NY restaurants feel the love after Guy pays a visit
- Last Updated: 12:30 AM, May 22, 2012
- Posted: 10:59 PM, May 20, 2012
Boardwalk stands pray for sun, $5 umbrella vendors pray for rain and the three NYC restaurateurs who’ve been featured on Guy Fieri’s “Diners, Drive-ins and Dives” pray for reruns.
While the Food Network’s seal of approval usually produces a steady, permanent jump in business for restaurants across the country, nothing in ultra-competitive, on-to-the next thing New York City comes easy.
“I’ve started to nickname it the roller coaster,” observes Jeremiah Clancy, owner of Mama’s Food Shop in the East Village. Clancy sees a dramatic spike in business when his segment re-airs, followed by about three weeks of increased business. Things return to normal for loyal customers and shoot back up again when a new repeat occurs about two months later.
When a woman from Washington, DC, announced that she had driven all the way to Junction Boulevard in Queens just for “ropa vieja” (shredded flank steak), Rudy Acosta, co-owner of the Cuban standby Rincon Criollo didn’t have to check the TV listings to know that it was Guy’s work all over again.
Acosta and Meg Grace, chef/owner of the Redhead experience the same roller coaster effect as Clancy. While all three restaurants had a loyal clientele before being featured on the show, the increased business has become especially important in the sluggish economy.
“The energy in the room changes dramatically every time our segment on Guy’s show airs,” says Grace, who has built her usual hipster clientele on word of mouth and a stack of positive foodie press.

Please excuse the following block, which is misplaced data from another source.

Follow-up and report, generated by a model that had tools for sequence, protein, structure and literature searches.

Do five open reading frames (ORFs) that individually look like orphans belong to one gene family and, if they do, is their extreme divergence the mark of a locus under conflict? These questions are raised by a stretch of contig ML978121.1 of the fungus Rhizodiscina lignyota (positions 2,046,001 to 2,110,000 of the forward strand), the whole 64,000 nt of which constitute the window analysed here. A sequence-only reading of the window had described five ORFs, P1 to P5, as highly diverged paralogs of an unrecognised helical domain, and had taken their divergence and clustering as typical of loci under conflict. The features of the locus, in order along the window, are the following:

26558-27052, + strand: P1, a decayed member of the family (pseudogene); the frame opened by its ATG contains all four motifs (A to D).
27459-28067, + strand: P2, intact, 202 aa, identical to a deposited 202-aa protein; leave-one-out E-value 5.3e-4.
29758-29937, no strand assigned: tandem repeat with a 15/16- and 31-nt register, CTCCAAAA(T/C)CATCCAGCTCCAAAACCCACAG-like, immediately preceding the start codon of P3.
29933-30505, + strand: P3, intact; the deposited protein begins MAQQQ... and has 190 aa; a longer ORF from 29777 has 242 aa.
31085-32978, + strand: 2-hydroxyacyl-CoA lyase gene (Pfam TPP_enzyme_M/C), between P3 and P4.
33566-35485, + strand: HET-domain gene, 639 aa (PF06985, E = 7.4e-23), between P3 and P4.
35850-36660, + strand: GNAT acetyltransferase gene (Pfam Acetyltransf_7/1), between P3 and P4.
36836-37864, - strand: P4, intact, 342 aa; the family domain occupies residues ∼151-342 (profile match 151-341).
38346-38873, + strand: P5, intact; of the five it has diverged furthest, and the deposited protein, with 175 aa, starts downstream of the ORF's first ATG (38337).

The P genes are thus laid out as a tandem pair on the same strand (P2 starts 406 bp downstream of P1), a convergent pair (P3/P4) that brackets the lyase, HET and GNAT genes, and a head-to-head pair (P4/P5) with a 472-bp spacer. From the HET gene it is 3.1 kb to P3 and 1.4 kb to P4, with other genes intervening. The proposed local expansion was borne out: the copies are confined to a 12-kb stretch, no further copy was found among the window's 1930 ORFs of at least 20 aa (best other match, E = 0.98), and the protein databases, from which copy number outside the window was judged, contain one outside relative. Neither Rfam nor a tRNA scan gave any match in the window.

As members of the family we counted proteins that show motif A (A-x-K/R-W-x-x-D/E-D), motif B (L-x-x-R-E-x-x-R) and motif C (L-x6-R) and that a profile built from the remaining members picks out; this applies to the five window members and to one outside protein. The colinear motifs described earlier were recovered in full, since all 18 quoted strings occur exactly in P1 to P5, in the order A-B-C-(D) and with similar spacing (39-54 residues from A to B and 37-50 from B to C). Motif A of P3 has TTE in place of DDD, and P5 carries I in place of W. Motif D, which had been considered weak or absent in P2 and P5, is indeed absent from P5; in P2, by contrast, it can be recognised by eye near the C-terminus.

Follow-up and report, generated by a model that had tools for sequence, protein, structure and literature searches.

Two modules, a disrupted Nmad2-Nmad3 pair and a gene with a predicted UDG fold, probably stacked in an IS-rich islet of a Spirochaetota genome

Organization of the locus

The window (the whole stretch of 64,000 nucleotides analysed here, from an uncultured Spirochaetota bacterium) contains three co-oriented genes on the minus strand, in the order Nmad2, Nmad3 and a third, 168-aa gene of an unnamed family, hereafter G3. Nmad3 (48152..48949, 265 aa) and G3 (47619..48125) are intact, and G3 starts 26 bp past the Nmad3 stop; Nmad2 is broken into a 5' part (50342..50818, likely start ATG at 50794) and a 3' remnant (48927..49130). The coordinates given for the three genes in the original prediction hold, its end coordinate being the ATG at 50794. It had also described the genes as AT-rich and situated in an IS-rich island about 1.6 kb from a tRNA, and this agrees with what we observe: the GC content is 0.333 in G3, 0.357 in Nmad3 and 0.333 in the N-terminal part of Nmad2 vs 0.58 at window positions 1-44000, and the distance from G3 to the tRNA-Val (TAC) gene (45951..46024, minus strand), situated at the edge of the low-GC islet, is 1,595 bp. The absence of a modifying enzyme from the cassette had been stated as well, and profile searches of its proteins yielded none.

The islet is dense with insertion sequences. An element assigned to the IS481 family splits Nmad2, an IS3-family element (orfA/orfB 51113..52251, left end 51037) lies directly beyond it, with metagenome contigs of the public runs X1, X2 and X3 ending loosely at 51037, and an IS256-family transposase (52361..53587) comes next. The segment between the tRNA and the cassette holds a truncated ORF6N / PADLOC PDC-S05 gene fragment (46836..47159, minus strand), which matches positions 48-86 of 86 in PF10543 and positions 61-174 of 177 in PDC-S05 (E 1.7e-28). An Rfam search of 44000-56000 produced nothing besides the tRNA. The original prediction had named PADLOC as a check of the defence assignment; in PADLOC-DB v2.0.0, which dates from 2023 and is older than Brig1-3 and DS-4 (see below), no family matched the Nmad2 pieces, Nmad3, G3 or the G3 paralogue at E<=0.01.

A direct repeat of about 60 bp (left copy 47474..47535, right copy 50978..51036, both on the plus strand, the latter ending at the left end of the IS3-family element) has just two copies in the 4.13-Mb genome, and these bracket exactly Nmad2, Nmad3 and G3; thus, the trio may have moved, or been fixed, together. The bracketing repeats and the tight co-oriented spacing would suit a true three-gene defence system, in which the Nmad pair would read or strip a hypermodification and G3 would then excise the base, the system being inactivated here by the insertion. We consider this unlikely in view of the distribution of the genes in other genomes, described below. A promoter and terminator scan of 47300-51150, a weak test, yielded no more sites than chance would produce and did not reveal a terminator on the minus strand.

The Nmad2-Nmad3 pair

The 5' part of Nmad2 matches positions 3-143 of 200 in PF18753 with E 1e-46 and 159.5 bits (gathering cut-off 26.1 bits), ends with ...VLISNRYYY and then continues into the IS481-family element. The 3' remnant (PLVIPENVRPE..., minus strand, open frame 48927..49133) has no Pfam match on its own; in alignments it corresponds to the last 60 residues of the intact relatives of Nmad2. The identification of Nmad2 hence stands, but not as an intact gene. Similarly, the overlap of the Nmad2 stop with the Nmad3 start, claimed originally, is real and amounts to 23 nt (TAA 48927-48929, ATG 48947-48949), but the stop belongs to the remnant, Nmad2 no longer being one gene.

All three owners observe that Fieri has more influence on tourists and people from the Tri-State area than on New Yorkers. As a result, the Fieri Factor usually kicks in on the weekend, when people can venture to the East Village for Mama’s and Redhead.
Fans overwhelmingly want what Fieri had — shrimp and grits, soft pretzels, fried chicken, ropa vieja, and arroz con pollo. They’re somewhat disappointed when Mama’s doesn’t have the peach cobbler. (Clancy insists on fresh peaches in season.) Fieri’s show doesn’t exactly prepare them for “counter service only”— or the fact that it isn’t always able to accommodate big groups.
New Yorkers who wonder why out-of-towners like to pose for cellphone pictures outside of Duane Reade are equally perplexed by the Fieri fans who just can’t wait for a photo op in front of the “Guy Was Here” backdrop that at the show stencils in every restaurant featured on “Triple D.”
Waiting for its own close-up on on June 18 is Gazala’s Place, the acclaimed Hell’s Kitchen Druze/Middle Eastern little engine that could. Gazala’s segment was taped last fall but has yet to air.
There’s every chance that Gazala’s segment might have a greater impact on daily sales given its convenient Midtown location.
On the other hand, Gazala’s might face lethal competition for Fieri fans from a place that’s scheduled to open blocks away on 44th Street and even closer to Times Square. Fieri is opening Guy’s American Kitchen and Bar later this year.